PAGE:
By exploring the experiences of young women who carry a BRCA mutation, nurses can become sensitive to the complex issues these women face. The American Association of Colleges of Nursing in the 2008 Essentials of Baccalaureate Education for Professional Nursing Practice included knowledge of genetics and genomics as critical for practicing nurses.28 A consensus panel of experts in education, clinical nursing, and research has developed the Essential Nursing Competencies and Curricula Guidelines for Genetics and Genomics, which states,29
“The competencies are based on the state of the evidence available at the time they were developed and reflect the MINIMAL amount of genetic and genomic competency expected by every nurse. These competencies reflect a consensus and are NOT from any federal agency or single nursing organization, and they are applicable to the practice of all registered nurses regardless of academic preparation, practice setting, role, or specialty.”
While it's critical that nurses grasp the basic science of genetics, the findings presented here suggest that nurses must look beyond the science to the patient and family. A young woman testing positive for a BRCA mutation never presents alone; even if she's the only person in the room, the nurse is assessing an extended family because breast cancer can cross many generations. Nurses should appreciate how, in young women, knowledge of genetic risk affects intimate relationships, reproductive concerns, and health insurance options. Not discounting a young woman's anxiety about screening, for example, can be an important aspect of caring for her.
In a recent survey of attendees at the Council for the Advancement of Nursing Science State of the Science meeting held in 2008, 79% of baccalaureate programs and 85% of graduate programs did not meet the Essential Nursing Competencies and Curricula Guidelines for Genetics and Genomics.30 Multiple resources are available for nursing faculty to use when incorporating this information into their courses. One is the Genetics/Genomics Competency Center for Education (www.g-2-c-2.org), funded by the National Human Genome Research Institute of the National Institutes of Health, which hosts an online repository of training and educational materials for health care professionals, including nurses.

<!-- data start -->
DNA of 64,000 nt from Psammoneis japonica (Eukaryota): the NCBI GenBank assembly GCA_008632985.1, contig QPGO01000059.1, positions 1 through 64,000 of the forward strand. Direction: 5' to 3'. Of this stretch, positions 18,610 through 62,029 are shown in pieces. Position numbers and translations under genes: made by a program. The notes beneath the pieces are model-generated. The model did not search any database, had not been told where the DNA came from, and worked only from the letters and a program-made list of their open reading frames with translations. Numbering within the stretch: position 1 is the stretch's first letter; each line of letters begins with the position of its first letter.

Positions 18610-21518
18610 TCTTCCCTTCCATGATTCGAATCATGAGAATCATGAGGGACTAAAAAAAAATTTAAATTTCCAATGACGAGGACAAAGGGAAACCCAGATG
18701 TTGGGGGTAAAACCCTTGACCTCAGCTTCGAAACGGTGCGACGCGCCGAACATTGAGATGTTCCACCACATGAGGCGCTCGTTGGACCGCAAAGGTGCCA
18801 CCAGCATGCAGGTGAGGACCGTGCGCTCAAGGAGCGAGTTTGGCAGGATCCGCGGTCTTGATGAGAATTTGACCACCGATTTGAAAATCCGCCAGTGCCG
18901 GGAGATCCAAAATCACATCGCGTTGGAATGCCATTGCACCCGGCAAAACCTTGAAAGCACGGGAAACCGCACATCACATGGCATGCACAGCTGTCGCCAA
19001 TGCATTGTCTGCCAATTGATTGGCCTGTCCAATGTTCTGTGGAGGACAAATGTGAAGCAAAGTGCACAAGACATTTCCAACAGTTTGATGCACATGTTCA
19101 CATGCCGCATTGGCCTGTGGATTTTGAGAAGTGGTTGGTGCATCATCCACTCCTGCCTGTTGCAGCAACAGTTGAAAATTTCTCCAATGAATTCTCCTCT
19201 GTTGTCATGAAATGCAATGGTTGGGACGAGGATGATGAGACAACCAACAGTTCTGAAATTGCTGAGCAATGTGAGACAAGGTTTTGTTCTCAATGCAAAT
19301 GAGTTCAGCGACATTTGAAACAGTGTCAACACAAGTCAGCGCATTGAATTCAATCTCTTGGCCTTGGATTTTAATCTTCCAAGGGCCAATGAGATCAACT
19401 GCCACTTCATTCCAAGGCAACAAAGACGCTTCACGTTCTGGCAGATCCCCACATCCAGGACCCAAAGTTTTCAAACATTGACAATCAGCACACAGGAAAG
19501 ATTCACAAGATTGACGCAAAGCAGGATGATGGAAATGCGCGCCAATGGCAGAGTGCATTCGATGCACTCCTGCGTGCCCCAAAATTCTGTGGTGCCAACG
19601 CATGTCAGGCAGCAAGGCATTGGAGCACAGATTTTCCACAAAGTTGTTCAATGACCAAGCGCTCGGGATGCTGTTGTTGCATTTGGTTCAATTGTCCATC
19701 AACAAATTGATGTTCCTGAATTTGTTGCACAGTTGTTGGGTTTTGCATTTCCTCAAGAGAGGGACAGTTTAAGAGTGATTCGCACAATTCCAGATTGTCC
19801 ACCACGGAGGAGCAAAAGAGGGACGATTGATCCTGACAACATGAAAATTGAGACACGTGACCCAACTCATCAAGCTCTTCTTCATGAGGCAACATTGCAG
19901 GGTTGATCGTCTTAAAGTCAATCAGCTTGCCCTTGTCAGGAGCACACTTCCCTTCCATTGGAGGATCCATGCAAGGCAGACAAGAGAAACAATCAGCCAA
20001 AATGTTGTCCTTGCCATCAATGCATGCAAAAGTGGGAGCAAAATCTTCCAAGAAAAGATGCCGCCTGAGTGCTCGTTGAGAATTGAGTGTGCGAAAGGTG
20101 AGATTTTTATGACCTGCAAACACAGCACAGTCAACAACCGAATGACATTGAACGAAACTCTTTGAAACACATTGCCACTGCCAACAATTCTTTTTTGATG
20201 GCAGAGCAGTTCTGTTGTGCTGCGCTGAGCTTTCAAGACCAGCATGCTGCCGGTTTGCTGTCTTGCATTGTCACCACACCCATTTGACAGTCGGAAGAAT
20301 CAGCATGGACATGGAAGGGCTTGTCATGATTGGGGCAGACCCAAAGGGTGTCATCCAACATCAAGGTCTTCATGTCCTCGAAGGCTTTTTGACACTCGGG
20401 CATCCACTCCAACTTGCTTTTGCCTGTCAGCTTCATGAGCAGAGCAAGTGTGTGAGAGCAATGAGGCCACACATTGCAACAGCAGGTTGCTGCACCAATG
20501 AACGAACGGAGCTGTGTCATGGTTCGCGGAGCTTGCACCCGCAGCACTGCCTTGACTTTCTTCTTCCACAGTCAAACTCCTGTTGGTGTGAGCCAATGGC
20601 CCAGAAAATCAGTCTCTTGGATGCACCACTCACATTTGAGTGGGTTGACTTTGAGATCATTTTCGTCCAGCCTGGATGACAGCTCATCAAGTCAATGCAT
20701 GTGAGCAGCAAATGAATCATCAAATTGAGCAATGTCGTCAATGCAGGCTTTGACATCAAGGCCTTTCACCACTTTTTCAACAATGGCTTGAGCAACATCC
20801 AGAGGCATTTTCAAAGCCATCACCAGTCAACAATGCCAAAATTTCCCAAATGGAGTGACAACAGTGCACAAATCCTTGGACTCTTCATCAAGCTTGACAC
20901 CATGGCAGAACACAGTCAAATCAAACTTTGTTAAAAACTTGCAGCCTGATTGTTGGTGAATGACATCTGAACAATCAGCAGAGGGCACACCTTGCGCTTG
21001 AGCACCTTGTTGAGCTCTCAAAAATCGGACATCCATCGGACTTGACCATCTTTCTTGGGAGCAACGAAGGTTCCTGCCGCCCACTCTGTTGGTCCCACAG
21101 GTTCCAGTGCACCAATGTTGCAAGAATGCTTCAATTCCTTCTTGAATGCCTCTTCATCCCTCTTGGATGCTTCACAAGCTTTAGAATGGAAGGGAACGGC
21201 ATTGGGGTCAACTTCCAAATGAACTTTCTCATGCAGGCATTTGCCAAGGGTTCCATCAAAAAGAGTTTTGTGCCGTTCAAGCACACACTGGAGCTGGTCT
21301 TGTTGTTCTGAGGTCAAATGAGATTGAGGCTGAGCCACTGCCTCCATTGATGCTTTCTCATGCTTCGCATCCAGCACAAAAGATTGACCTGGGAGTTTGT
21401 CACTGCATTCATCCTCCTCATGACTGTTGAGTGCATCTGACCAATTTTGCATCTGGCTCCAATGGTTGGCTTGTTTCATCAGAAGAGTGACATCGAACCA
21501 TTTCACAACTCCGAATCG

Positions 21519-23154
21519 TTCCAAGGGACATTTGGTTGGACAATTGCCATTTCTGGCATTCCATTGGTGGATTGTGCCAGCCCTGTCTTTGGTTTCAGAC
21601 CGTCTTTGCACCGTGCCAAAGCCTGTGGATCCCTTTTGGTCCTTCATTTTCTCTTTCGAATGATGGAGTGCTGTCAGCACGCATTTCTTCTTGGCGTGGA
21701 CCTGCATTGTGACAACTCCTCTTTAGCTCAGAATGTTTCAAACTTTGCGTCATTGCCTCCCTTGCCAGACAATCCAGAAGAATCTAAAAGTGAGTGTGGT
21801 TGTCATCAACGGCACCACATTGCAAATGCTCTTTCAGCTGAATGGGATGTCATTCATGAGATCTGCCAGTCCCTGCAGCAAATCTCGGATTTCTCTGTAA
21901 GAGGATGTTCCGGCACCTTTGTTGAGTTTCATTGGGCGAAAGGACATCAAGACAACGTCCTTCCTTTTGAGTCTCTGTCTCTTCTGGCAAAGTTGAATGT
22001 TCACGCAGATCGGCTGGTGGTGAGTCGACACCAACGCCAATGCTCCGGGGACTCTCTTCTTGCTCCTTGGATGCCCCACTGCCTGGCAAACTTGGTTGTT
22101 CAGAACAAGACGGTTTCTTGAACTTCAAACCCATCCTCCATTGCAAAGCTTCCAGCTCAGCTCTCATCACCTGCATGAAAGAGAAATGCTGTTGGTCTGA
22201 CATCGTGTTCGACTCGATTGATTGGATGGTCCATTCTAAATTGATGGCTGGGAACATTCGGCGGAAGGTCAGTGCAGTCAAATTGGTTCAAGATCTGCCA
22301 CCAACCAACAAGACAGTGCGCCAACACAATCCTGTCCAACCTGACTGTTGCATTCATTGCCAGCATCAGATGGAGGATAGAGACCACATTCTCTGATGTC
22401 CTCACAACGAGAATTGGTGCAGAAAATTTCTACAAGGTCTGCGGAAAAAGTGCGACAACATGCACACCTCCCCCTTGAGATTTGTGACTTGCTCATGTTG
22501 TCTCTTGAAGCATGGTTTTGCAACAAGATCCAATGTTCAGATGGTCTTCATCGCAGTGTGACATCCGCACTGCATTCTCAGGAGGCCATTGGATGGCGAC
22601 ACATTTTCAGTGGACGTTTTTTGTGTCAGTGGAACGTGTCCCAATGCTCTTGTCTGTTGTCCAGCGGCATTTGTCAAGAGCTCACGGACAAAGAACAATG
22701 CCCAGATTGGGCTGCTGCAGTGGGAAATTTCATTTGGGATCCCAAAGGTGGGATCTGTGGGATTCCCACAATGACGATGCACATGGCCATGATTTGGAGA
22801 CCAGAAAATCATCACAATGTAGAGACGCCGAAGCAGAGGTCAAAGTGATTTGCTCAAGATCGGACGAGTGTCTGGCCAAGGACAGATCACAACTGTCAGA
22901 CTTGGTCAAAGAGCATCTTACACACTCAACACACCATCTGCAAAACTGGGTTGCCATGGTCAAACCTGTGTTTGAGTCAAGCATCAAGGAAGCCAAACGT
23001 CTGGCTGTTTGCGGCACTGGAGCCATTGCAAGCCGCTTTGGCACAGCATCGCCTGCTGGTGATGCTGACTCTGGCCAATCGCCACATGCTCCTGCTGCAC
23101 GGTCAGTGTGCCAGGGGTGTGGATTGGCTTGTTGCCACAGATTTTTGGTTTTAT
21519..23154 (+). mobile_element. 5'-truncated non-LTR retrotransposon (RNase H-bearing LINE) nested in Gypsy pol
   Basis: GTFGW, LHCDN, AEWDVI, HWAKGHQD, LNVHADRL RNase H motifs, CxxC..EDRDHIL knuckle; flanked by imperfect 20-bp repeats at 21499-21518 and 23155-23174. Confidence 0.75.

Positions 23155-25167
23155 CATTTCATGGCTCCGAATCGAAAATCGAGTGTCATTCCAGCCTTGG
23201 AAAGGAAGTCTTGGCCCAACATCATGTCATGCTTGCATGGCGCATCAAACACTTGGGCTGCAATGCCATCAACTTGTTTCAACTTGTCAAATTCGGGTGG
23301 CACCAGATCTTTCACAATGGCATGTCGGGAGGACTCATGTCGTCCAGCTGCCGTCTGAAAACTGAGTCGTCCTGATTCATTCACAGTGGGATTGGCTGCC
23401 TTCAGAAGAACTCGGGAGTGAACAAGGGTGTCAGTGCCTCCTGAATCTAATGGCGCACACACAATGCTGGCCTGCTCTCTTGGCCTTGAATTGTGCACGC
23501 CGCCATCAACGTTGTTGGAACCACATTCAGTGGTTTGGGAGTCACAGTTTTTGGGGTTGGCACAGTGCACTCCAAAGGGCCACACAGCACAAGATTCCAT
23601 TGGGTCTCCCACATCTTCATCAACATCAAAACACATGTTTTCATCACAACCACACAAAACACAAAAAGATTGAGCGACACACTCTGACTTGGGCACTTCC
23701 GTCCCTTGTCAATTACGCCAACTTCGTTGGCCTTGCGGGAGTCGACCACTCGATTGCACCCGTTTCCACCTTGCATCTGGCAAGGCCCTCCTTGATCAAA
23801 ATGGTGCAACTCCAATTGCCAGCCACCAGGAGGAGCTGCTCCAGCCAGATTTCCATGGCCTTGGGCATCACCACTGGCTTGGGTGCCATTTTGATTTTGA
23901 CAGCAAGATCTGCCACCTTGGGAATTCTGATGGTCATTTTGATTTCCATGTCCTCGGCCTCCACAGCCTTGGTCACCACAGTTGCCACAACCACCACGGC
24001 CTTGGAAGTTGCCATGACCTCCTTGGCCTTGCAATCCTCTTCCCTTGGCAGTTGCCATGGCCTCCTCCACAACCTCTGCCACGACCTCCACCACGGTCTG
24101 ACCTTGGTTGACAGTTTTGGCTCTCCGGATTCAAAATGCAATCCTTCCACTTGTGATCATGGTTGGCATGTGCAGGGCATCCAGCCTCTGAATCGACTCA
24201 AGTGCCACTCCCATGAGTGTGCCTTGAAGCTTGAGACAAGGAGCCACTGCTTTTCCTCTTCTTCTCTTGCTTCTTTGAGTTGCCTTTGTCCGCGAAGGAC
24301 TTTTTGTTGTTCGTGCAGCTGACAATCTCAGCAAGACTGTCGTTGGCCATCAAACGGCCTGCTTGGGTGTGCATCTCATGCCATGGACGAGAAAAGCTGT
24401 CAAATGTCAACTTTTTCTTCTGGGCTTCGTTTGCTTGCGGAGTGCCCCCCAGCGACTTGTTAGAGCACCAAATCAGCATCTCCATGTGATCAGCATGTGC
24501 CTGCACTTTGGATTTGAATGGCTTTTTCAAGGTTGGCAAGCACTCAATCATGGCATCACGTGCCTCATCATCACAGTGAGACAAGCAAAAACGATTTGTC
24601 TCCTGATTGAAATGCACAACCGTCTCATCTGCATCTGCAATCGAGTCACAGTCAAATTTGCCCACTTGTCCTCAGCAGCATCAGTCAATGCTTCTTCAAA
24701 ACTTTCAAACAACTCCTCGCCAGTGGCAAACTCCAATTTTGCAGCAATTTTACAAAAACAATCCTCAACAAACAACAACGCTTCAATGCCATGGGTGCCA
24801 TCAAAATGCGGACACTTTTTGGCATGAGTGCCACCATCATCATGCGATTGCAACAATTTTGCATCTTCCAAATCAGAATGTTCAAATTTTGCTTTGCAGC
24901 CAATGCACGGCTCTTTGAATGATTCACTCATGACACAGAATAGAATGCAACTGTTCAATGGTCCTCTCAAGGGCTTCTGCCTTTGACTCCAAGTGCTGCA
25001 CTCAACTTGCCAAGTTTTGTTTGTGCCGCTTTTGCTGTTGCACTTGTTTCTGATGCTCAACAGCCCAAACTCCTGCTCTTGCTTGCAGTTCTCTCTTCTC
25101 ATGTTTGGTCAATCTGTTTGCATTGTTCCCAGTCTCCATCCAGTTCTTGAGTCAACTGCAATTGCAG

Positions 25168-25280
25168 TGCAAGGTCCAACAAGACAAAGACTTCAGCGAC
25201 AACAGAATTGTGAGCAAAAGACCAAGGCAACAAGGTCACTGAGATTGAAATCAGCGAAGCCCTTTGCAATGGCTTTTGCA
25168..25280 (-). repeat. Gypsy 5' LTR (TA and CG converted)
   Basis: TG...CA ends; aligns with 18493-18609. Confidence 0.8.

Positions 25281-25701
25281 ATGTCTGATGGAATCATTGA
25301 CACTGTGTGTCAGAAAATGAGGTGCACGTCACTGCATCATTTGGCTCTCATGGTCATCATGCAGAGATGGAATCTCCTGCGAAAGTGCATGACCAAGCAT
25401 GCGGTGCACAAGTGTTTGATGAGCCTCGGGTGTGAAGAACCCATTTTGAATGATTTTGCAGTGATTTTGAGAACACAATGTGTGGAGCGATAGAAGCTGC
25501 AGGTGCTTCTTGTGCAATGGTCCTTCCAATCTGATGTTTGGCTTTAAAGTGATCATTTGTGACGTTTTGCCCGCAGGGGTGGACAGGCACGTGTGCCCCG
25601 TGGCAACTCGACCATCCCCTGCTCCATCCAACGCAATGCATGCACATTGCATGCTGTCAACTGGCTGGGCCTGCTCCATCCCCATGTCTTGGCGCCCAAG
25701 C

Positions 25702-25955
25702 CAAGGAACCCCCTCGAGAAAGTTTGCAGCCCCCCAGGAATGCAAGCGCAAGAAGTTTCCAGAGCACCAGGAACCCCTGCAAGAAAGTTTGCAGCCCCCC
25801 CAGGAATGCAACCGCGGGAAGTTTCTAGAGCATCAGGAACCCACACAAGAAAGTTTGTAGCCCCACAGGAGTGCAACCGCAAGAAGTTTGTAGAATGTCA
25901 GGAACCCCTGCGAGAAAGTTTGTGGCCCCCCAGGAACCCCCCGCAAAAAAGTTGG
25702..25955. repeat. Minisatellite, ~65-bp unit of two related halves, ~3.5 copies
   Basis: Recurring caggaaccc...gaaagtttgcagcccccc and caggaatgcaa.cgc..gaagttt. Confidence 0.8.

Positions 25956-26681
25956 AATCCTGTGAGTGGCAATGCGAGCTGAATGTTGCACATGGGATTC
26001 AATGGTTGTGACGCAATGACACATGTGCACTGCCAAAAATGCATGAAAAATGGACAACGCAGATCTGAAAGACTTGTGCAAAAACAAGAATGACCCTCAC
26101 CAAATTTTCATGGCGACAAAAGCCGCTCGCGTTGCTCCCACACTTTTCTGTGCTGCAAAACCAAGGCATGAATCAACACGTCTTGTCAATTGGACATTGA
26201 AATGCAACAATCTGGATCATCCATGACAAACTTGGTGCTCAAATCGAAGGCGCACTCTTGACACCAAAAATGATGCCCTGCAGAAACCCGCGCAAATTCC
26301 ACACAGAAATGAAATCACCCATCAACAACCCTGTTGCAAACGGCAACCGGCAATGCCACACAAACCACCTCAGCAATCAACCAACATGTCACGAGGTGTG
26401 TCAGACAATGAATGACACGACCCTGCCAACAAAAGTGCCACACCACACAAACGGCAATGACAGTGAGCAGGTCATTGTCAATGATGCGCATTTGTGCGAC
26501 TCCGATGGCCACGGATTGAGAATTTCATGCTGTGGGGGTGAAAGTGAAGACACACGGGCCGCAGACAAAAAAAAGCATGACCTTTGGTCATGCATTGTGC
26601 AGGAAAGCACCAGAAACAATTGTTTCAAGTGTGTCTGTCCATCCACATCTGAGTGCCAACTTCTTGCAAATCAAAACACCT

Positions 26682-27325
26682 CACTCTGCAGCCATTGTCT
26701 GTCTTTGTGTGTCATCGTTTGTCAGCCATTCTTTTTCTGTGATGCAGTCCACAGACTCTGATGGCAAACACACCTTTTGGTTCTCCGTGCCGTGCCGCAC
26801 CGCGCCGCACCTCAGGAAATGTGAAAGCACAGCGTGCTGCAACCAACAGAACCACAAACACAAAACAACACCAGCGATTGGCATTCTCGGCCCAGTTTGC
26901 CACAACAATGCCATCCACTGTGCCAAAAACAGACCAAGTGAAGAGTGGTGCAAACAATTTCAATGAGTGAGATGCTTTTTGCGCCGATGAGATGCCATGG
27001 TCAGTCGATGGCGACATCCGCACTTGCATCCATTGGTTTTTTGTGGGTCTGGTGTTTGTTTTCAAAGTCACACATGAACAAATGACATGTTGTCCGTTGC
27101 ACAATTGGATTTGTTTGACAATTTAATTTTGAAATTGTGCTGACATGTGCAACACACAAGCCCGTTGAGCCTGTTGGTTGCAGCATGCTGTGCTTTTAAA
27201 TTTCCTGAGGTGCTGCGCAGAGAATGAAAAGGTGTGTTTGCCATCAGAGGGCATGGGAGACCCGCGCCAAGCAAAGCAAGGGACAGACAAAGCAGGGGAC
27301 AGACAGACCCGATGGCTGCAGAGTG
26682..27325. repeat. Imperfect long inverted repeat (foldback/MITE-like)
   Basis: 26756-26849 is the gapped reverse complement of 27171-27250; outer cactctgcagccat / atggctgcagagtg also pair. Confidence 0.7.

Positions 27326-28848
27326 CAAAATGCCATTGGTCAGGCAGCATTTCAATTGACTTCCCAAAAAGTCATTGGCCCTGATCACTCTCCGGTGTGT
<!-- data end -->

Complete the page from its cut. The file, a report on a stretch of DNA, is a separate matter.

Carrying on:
The findings presented here suggest that good nursing practice might include the following, as supported by the Essential Nursing Competencies and Curricula Guidelines for Genetics and Genomics29:
* Understand the types of mutations and inheritance patterns for specific diseases.
* Help patients understand the recommended timelines for preventative options after detection of a BRCA mutation.
* Listen to the young woman's concerns.
* Acknowledge that she faces complex and unusual choices for her age group.
* Recommend support groups specific to young women.
* Appreciate that young women with a BRCA mutation may seem hypervigilant and need frequent contact with clinicians.
* Recognize that this population may be “too young to screen” (not in the typical age group for mammography, for instance) but not too young to get cancer.
* Help the patient in getting insurance coverage for screening.
* Assess the need for additional psychosocial support.
* Suggest ways to discuss the issue of a “family mutation” in the patient's family; for example, role-play a “how would you tell your 16-year-old sister” scenario.
* Find answers to questions you can't answer.
* Make referrals to genetics professionals who can discuss the implications, screening recommendations, follow-up protocols, and other issues specific to living with genetic risk.
In my interviews I have found this population to be resilient, courageous, and thoughtful. Nurses can and should help these young women as they navigate relatively uncharted waters.
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20. Hadley DW, et al. Generation after generation: exploring the psychological impact of providing genetic services through a cascading approach Genet Med. 2010;12(12):808–15
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22. Shiloh S, et al. Being ‘at-risk’ for developing cancer: cognitive representations and psychological outcomes J Behav Med. 2009;32(2):197–208
23. Evans DG, et al. Uptake of risk-reducing surgery in unaffected women at high risk of breast and ovarian cancer is risk, age, and time dependent Cancer Epidemiol Biomarkers Prev. 2009;18(8):2318–24
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25. Mai PL, et al. Contralateral risk-reducing mastectomy in young breast cancer patients with and without genetic cancer risk assessment Annals Surg Oncol. 2008;15(12):3415–21
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27. McLaughlin JR, et al. Reproductive risk factors for ovarian cancer in carriers of BRCA1 or BRCA2 mutations: a case–control study Lancet Oncol. 2007;8(1):26–34
30. Thompson HJ, Brooks MV. Genetics and genomics in nursing: evaluating Essentials implementation Nurse Educ Today. 2011;31(6):623–7
For 31 additional continuing nursing education articles on women's health, go to www.nursingcenter.com/ce.